Ultrachrome photo black inks are on par with the LJ profiles and the print
    longevity is very similar.
    If you want to limit the comparison to this then compare the life of the Fuji
    Crystal Archive paper to Kodak Endura. Crystal Archive can be used in a wet
    process or with the LightJet laser printer and once you normalize the Kodak
    test conditions it has about 4x longer estimated print life than Endura,
    according to Kodak's own numbers.

    The point of most of these posts is that Kodak uses much more forgiving
    parameters for light intensity and acceptable amount of fade, which gives them
    about a 6x artificial advantage in print life when compared to papers tested by
    Wilhelm. So divide the Kodak light-fast number by 6 to get a comparable print
    life estimate.

    Bill
     
    Bill Hilton, Oct 8, 2003
  15. Gordon Moat

    Jeremy Guest

    x-no-archive: yes




    The gamut of the
    What do these printers cost?

    How much does an ink cartridge cost? How about paper? Can you offer an
    estimate of the cost of printing, say, an 8x10? Is the price comparable to
    having a traditional print made?

    Would this be cost-effective for casual users, or is there some degree of
    volume needed before the cost-per-print becomes reasonable?

    I'd like to have a look at one of those prints. If they are as good as you
    describe, and if the printers and inks come into widespread use, it doesn't
    bode well for all of those places like camera shops, that offer in-store
    printing from digital files.
     
    Jeremy, Oct 8, 2003
  16. Gordon Moat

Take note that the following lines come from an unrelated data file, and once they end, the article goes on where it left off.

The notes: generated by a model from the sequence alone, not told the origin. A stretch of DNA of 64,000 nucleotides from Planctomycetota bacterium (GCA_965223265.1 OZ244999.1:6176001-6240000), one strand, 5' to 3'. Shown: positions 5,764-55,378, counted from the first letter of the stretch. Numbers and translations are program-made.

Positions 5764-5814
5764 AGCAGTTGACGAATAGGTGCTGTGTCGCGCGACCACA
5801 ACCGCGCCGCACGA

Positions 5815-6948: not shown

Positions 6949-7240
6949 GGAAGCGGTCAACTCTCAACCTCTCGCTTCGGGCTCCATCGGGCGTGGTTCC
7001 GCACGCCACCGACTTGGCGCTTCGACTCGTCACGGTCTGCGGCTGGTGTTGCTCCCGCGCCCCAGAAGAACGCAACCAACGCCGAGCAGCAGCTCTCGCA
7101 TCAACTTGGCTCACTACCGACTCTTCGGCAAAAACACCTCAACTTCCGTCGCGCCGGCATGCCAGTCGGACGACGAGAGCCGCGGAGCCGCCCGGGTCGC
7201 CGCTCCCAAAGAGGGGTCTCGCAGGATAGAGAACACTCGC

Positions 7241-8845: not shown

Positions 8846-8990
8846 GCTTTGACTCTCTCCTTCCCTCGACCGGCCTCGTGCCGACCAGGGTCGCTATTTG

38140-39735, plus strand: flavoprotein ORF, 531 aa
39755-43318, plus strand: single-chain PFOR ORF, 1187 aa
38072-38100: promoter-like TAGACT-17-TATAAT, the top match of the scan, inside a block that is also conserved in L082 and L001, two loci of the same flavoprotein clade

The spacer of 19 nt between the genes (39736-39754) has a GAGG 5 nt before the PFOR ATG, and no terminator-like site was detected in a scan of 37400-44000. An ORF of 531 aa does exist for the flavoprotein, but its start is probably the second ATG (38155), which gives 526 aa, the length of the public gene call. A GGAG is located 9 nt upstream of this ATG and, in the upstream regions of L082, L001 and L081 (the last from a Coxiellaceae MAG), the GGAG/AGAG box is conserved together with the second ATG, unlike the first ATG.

ThomasH Guest

    Jeremy,

    you have web as well, just browse for prices and make your own math or
    read to test/user reports, such as Steves http://www.steves-digicams.com/,
    or http://www.luminous-landscape.com/ or http://normankoren.com/, among
    many others. You cannot expect from others doing your shopping homework!
    Epson as well Canon or HP all offer now printers with extended longevity
    of ink+paper combinations, dependent on your quality standards and goals
    the one or the other make and mode might be the best choice.

    I am sure that many shops might use Epsons or Canons (for far more
    speed) to print images for sale.

    Thomas
     
    ThomasH, Oct 8, 2003
  17. Gordon Moat

    Rafe B. Guest

    Most current desktop models from Epson, Canon or HP
    will make excellent photo-quality prints. They start at
    under $100. Or for a high-end Epson pro model (say,
    the 9600) around $5000 -- if you need prints 44" wide.
    With most OEM inks, figure $1 for the ink for an
    8x10" photo print.

    If it's a pro model Epson, figure 1/2 or 1/3 that amount,
    since they use bulk ink cartridges.

    If it's any desktop model fitted with a CIS or CFS, the
    figure goes down to $0.10 or less.

    Photo paper ranges from, say, $0.25 to $1.00 for a
    letter-sized sheet. Depends greatly on where you
    buy it, how much you buy, and what you buy.
    Define "casual user." Like most things, it takes a bit of
    practice to achieve consistent photo quality. But it's not
    rocket science, either.

    Here's one option for you: order up a print from my website.
    $25 for a matted 8x10. $15 for a matted 5x8.

    News flash: some of the one hour labs (eg. Noritsu) are
    already using Epson print engines with pigment inks.


    rafe b.
    http://www.terrapinphoto.com